The U.S. District Judge presiding over all federal Lipitor diabetes lawsuits brought by women throughout the U.S., has delayed the start of the first bellwether trial until early next year.
A Lipitor bellwether trial involving a claim filed by Wilma Daniels was scheduled to go before a jury on November 4, serving as the first test case out of several thousand lawsuits brought over the risk of diabetes associated from Lipitor.
In a docket entry posted this week, U.S. District Judge Richard Gergel announced that the start of the case has been delayed until January 13, due to the Court’s criminal caseload.
“As a result of the recent [developments surrounding] the Court’s criminal roster for the November-December trial term, it was learned that four criminal cases with estimated trial days of four to five weeks are ripe and ready for trial,” according to the docket entry. “Under the Speedy Trial Act, criminal cases take precedence and congestion of the Court’s docket is not a sufficient basis to continue a pending criminal case. Under these circumstances, the Court has made the difficult decision to continue the first bellwether trial to the next trial term.”
Pfizer currently faces about 2,500 product liability lawsuits throughout the entire federal court system that allege the drug maker failed to adequately warn about the risk of diabetes from Lipitor. The cases are consolidated for pretrial proceedings before Judge Gergel in the District of South Carolina, as part of a federal MDL or multidistrict litigation.
All of the complaints involve similar claims that women developed type 2 diabetes after using Lipitor, alleging that Pfizer knew or should have known about the link between Lipitor and diabetes for years, yet withheld information from consumers and the medical community while building sales for their blockbuster cholesterol treatment.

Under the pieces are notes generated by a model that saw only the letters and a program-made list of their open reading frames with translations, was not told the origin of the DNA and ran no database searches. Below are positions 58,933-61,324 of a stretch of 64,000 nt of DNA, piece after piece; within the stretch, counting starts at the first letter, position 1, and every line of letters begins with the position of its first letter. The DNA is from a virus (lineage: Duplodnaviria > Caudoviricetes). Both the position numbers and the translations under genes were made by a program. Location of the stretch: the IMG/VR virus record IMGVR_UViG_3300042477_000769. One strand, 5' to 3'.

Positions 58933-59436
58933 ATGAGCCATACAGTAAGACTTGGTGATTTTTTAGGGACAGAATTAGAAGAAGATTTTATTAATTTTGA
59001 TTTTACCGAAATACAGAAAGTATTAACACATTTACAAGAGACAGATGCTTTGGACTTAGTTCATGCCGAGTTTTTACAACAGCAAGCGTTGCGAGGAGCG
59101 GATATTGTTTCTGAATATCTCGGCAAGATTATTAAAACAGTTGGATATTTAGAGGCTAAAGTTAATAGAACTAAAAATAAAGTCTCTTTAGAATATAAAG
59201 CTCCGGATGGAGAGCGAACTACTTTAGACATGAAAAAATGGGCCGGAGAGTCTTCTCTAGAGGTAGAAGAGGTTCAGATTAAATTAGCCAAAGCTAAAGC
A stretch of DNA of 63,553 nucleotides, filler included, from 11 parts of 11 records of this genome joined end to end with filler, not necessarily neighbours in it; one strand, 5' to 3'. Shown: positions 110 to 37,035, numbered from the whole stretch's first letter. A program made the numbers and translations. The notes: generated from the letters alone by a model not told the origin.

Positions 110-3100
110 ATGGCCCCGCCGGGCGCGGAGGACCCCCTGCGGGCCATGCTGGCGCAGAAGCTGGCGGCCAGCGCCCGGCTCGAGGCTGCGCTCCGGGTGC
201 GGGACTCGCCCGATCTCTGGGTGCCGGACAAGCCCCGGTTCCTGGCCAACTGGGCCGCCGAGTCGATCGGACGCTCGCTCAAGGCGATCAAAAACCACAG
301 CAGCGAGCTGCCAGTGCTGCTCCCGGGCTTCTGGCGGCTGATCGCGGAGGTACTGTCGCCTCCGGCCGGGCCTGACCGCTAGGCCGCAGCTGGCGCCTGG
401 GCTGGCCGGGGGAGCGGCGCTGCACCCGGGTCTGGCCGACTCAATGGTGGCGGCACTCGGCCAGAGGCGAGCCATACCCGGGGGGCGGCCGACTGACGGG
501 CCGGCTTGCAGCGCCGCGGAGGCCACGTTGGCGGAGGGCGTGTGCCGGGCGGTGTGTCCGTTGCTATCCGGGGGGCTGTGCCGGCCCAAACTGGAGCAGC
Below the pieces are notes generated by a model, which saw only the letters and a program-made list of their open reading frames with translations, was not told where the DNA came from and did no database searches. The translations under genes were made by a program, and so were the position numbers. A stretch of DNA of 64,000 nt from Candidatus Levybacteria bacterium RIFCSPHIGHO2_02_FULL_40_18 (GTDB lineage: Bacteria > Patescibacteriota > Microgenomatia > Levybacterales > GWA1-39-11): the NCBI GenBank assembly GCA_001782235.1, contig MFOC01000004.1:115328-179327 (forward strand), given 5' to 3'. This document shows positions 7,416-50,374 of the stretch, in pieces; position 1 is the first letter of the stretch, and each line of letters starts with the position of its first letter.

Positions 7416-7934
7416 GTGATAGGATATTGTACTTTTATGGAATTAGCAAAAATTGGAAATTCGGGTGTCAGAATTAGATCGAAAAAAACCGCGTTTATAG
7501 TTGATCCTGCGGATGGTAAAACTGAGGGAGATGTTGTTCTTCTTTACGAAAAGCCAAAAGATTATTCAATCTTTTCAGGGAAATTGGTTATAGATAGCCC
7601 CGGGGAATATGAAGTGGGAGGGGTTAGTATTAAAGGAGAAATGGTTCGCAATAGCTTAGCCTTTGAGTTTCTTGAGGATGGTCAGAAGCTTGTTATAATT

As part of the MDL proceedings, a small group of cases have been prepared for early trial dates. Known as “bellwether” trials, these cases are designed to help the parties gauge how juries may respond to certain evidence and testimony that is likely to be repeated throughout the Lipitor diabetes litigation .
The first trial is set to involve a claim filed by 67 year-old Wilma Daniels, who alleges that she developed type 2 diabetes after she began using Lipitor in 1997.
Daniels maintains that she previously had a healthy weight and diet, and began using Lipitor as a preventative measure to reduce her cholesterol levels and reduce the risk of developing cardiovascular disease. However, instead, she has been left with diabetes, which requires adherence to a special diet, regular monitoring of blood glucose levels and places her at increased risk of several serious health problems.
While the outcome of the Daniel’s trial is not binding on any other Lipitor cases, it will be closely watched by lawyers involved in the litigation, as it may influence eventual negotiations to reach Lipitor settlements with Pfizer.